HORSHAM man Leigh O’Connell is suffering from a Christmas hangover of a different kind after receiving a $1100-electricity bill dated December 25.
It was the latest blow in a saga with Origin Energy that has dragged out for more than 10 months.
Mr O’Connell said he did not receive an electricity bill between February last year and last week.
He said the bill arrived with an apology letter almost fi ve months after he lodged a complaint with Victoria’s Energy and Water Ombudsman on July 31.
“The bill for more than $1100 was dated December 25 – Merry Christmas, Leigh,” he said.
“I accept that I have to pay money and I don’t have a problem with that because I have budgeted for it.
“I hate owing money so all I wanted to do was pay my bill and I couldn’t even do that.
“I probably contacted Origin eight or 10 times and each time I received the same story that I would be billed within five working days.
“Back in November it took me 47 minutes to have my call answered, I was transferred to another department and then the line cut out.”
Mr O’Connell said he was contesting the bill because energy companies could not backdate bills more than nine months.
“My last bill was issued on February 4 and because that is more than nine months before I received this bill they can’t bill me that far back,” he said.
“They have to give me the period between February 4 and March 25 for free.
“The upshot is that I will get almost two months of free electricity but I should not.”
Mr O’Connell said he was not surprised that other Wimmera residents were fighting their energy providers after reading about Horsham mother Vicki Arnott’s battle with EnergyAustralia in Friday’s Mail-Times.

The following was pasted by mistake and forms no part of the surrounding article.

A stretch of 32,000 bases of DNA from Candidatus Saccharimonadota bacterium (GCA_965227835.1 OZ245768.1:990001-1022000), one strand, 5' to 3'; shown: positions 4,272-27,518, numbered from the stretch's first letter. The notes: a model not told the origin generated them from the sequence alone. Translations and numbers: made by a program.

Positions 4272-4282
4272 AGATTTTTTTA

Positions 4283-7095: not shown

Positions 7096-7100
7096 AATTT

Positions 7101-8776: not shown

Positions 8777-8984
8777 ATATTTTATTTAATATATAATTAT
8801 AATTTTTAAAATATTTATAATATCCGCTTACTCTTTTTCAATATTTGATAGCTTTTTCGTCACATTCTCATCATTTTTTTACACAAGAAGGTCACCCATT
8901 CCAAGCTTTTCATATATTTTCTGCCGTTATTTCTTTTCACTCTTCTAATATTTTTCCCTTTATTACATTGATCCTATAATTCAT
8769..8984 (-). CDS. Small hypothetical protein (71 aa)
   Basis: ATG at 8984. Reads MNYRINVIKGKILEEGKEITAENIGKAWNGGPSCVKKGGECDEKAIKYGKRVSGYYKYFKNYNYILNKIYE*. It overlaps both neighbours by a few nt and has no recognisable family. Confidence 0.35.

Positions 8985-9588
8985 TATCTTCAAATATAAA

“Vicki Arnott – you are not alone,” he said.
“The man I spoke to at the ombudsman’s office said I was not alone and that he fixed these issues eight hours a day.
“Unfortunately I have a contract with Origin until March 28 but I will be bailing out on March 29.
“I am concerned that this happens with all electricity companies but that is a concern I am prepared to take a risk on.”
An Origin Energy spokeswoman said the energy provider was investigating Mr O’Connell’s complaint.
“We will be working with the customer to resolve the issue,” she said.
TIPS FROM THE OMBUDSMAN
VICTORIA’S Energy and Water Ombudsman Cythnia Gebert has encouraged Wimmera residents
to seek help if their electricity company is having billing problems.
“If a customer has been issued with an unexpected high bill because of a billing delay, they
should immediately contact their company to discuss payment plan options,” she said.
“It is important that customers contact their energy retailer or water corporation as soon as
possible to discuss their concerns.
“If these discussions are not successful, then the next step would be to contact Energy and Water
Ombudsman Victoria for assistance.”
The ombudsman recommends:
● If an electricity bill is not issued, call the energy provider as soon as possible to find out why.
● Ask to speak with a supervisor if a company’s call centre representative cannot fix a problem.
● Call Energy and Water Ombudsman Victoria on 1800 500 509 if unsatisfied with an energy
company’s response to a complaint.